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A Vital Network of Theologians

A review of Michael Mawson and Philip Ziegler (eds), Christ, Church and World: New Studies in Bonhoeffer’s Theology and Ethics (London: Bloomsbury T&T Clark, 2016), featured in The Expository Times 129, 4 (January 2018).

The University of Aberdeen hosted several leading voices in Bonhoeffer studies over the course of 2014-15. The series of presentations, which took place under the editors’ direction with the support of the Royal Society of Edinburgh, provided the material for this rich collection of essays oriented around four main themes: Christology, hamartiology, ecclesiology, and Christian-Jewish relations.

Philip Ziegler’s eloquent essay shows that Bonhoeffer’s Ethics is largely meta-ethical insofar as it seeks to ‘map the moral terrain’ within which reflection, decision, and action take place. He traces Bonhoeffer’s refusal of appeals to mere humanity or ‘the creature as such’ in favour of theologically locating human beings as either ‘in Adam’ or ‘in Christ’ (pp.101-4). Such ‘cartography’ is complemented by essays that deploy Bonhoeffer’s thought for areas of contemporary interest: Michael Mawson deftly recovers Bonhoeffer’s account of embodied creatureliness as a promising resource for disability theology, while Christiane Tietz skillfully employs Bonhoeffer’s Christology to challenge dominant assumptions about a common ‘religious’ consciousness or a predictable ‘natural’ order on which ethics are based.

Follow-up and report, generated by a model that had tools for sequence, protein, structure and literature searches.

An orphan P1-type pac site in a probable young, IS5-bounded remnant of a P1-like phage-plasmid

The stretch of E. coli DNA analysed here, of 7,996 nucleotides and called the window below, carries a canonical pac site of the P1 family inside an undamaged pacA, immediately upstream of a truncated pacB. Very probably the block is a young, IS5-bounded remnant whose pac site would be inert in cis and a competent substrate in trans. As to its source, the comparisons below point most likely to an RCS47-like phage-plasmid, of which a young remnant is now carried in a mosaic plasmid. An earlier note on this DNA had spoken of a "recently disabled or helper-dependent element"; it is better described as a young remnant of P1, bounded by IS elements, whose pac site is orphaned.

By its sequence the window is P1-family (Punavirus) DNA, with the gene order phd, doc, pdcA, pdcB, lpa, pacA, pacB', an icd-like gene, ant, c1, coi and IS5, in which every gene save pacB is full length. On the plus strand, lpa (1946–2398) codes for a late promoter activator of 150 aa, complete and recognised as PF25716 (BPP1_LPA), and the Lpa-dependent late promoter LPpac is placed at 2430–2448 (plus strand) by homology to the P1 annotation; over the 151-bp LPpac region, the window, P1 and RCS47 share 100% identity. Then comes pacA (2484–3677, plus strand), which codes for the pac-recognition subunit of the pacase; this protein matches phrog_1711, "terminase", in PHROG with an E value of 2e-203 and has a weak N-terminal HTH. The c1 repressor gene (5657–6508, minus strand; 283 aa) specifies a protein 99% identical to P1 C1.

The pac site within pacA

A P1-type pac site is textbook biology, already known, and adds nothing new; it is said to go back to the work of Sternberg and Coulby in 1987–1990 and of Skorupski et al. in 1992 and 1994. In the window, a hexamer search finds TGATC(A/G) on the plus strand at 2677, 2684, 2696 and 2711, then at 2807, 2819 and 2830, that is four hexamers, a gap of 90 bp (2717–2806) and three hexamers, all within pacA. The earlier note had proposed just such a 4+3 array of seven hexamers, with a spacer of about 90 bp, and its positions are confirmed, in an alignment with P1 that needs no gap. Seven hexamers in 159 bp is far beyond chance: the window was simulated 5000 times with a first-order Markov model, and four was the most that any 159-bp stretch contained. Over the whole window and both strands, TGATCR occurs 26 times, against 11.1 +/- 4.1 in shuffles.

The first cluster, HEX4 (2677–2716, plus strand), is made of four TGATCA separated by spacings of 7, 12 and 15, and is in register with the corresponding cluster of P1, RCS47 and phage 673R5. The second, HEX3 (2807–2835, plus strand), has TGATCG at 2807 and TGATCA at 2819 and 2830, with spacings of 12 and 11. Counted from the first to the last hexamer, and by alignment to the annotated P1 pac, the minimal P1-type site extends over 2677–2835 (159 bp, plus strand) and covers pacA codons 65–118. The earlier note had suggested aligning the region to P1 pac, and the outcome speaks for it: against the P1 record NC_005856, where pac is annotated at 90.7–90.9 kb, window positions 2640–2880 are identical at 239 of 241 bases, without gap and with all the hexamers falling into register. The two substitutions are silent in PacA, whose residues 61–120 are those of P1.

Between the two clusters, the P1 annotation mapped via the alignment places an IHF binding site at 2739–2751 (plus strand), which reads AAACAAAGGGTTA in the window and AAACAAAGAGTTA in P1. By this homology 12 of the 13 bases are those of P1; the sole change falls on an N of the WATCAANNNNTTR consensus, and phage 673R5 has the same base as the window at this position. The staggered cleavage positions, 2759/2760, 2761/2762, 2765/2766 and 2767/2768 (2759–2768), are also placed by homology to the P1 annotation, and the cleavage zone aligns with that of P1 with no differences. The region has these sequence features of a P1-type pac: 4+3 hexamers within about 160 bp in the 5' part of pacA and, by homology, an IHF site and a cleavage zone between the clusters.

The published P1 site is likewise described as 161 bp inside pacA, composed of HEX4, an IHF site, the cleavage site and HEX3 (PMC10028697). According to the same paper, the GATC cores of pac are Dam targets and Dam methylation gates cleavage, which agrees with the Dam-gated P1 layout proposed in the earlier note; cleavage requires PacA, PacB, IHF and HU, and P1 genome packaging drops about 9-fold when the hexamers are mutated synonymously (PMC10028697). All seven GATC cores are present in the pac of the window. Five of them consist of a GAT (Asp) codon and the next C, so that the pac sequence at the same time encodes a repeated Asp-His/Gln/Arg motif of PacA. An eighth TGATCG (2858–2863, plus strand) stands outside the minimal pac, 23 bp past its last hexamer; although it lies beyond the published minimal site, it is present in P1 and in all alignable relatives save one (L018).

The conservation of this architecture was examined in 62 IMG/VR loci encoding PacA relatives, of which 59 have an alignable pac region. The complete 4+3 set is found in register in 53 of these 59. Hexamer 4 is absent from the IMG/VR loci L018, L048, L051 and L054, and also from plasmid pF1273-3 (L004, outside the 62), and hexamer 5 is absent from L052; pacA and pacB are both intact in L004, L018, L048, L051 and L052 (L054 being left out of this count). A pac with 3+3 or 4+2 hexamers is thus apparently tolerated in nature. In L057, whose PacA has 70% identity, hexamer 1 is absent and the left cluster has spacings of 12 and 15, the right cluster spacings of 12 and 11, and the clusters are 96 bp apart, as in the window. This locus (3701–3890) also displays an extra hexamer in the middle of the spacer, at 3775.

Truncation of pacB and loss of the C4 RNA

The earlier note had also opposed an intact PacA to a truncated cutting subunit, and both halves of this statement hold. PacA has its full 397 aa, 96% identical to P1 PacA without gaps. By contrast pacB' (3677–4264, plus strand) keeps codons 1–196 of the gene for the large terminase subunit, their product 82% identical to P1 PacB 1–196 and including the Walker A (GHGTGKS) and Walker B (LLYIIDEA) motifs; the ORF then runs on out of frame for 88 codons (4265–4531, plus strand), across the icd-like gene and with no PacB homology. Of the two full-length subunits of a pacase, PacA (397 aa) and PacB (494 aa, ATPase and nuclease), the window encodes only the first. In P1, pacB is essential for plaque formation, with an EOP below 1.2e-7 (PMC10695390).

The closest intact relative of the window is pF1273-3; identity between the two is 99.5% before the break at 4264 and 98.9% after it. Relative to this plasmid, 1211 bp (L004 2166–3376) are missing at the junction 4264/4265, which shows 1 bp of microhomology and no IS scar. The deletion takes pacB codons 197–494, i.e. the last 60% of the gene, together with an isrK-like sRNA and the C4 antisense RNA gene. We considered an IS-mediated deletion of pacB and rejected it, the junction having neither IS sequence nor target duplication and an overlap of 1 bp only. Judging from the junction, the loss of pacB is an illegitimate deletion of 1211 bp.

Two essays stand out for their bold pursuit of ‘supplementation and reparative critique’ in response to identified gaps in Bonhoeffer’s theology. These contributions expose modernist tendencies in Bonhoeffer’s 1933 Christology lectures, from an ‘aversion to metaphysics’ to the habit of pitting a theological genius against an intransigent ecclesial institution. Stephen Plant then outlines a ‘pro-Nicene’ theology in pursuit of stronger continuity with the conciliar tradition, while Christopher Holmes argues for a more robust account of the immanent Trinity. While reparative critique is a worthy endeavour, and Bonhoeffer often sought out ecumenical engagement, the drive for supplementation is more questionable. For instance, Holmes’ claim that Bonhoeffer’s ‘intense Christological concentration’ can ‘obscure’ or ‘lose’ the doctrine of God (p.40) suggests a ‘systematic’ assumption foreign to Bonhoeffer’s style and occasion.

The final pair of essays provide a rich contextualisation of Bonhoeffer’s controversial arguments in response to the so-called ‘Jewish question’. Michael DeJonge clarifies Bonhoeffer’s fidelity to Luther’s ‘two-kingdoms’ doctrine in his critical response to state legislation. Andreas Pangritz vividly renders intersections in the thought and activism of such figures as Elisabeth Schmitz, Wilhelm Vischer, and Karl Barth. This ‘network of theologians who were vitally concerned’ about their Jewish neighbours reveals that Bonhoeffer was no lone advocate (p.178).

As the questions addressed by Bonhoeffer remain crucial to contemporary ethics, the editors are to be commended for inviting us into this vital theological network.

© David Robinson, 2018